FROM THE JOURNAL OF CLINICAL ONCOLOGY
A novel, first-in-class, agonist anti-CD27 monoclonal antibody was found to be clinically and biologically active, according to early findings published in the Journal of Clinical Oncology.
In this phase I first-in-human study of varlilumab, doses at 0.1 to 10 mg/kg were well tolerated by patients with advanced solid tumors. In addition, antitumor activity was also observed. One heavily pretreated patient with stage IV disease renal cell carcinoma (RCC) experienced durable and significant tumor regression, with 78% tumor shrinkage and a partial response that persisted for 2.3 years without additional anticancer therapy, reported Howard A. Burris, MD , of the Sarah Cannon Research Institute, Tennessee Oncology, Nashville, and his colleagues (J Clin Oncol. 2017 May 2. doi: 10.1200/JCO.2016.70.1508 ).
Another RCC patient achieved an 18% shrinkage of target lesions, and has been able to maintain stable disease status for nearly 4 years without the need for additional therapy. This patient had previously progressed after treatment with everolimus and sorafenib for 3 months and capecitabine for 9 months.
In addition, eight patients achieved stable disease for more than 3 months while on the study.
“This phase I study of varlilumab provides proof of concept and a rationale for further study in combination with immunotherapies and traditional therapies,” wrote Dr. Burris and his colleagues. “Therapy that targets multiple nonredundant pathways that regulate immune responses may be synergistic and enhance antitumor immune responses.”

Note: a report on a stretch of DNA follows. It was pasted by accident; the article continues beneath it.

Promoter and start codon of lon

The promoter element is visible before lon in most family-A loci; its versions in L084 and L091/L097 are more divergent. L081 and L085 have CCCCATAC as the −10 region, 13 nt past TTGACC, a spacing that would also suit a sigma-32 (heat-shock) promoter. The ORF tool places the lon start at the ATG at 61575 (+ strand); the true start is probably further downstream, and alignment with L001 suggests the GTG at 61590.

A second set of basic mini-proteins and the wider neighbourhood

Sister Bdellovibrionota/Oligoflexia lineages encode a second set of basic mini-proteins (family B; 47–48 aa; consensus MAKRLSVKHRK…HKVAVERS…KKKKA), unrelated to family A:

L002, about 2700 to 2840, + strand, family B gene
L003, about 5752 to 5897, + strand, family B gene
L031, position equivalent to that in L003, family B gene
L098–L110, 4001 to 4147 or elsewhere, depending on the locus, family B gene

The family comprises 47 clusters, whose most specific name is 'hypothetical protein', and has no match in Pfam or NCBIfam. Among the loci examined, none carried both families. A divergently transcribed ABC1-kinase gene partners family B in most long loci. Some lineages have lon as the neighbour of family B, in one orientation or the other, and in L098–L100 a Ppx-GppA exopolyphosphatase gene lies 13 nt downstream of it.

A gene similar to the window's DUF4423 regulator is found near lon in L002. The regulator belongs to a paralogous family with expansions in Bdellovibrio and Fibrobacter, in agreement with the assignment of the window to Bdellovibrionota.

The study was conducted to assess the safety, pharmacokinetics, pharmacodynamics, and activity of varlilumab when used as a single agent in patients with advanced solid tumors.
The entire cohort included 56 patients enrolled at nine centers, and the dose escalation component included 25 patients. The expansion part of the trial included 16 patients with melanoma and 15 patients with RCC.
The most common cancer type in the dose-escalation phase was colorectal cancer (40%) followed by melanoma (28%). All patients had stage IV disease and, in general, were heavily pretreated.
A median of 4 doses was administered to the cohort (1-21), and, in the dose escalation phase, the 10 mg/kg was reached without identifying a maximum tolerated dose. Only one patient experienced a dose limiting toxicity, which was grade 3 asymptomatic hyponatremia (129 mmol/L) that occurred at the 1.0-mg/kg dose level.
A total of eight patients achieved stable disease, including four with RCC (duration of stable disease: 5.3, 5.6, 9.3, and 47.3 months), three with melanoma (3.8, 7.3, and 11.5 months), and one patient with colorectal adenocarcinoma (5.7 months).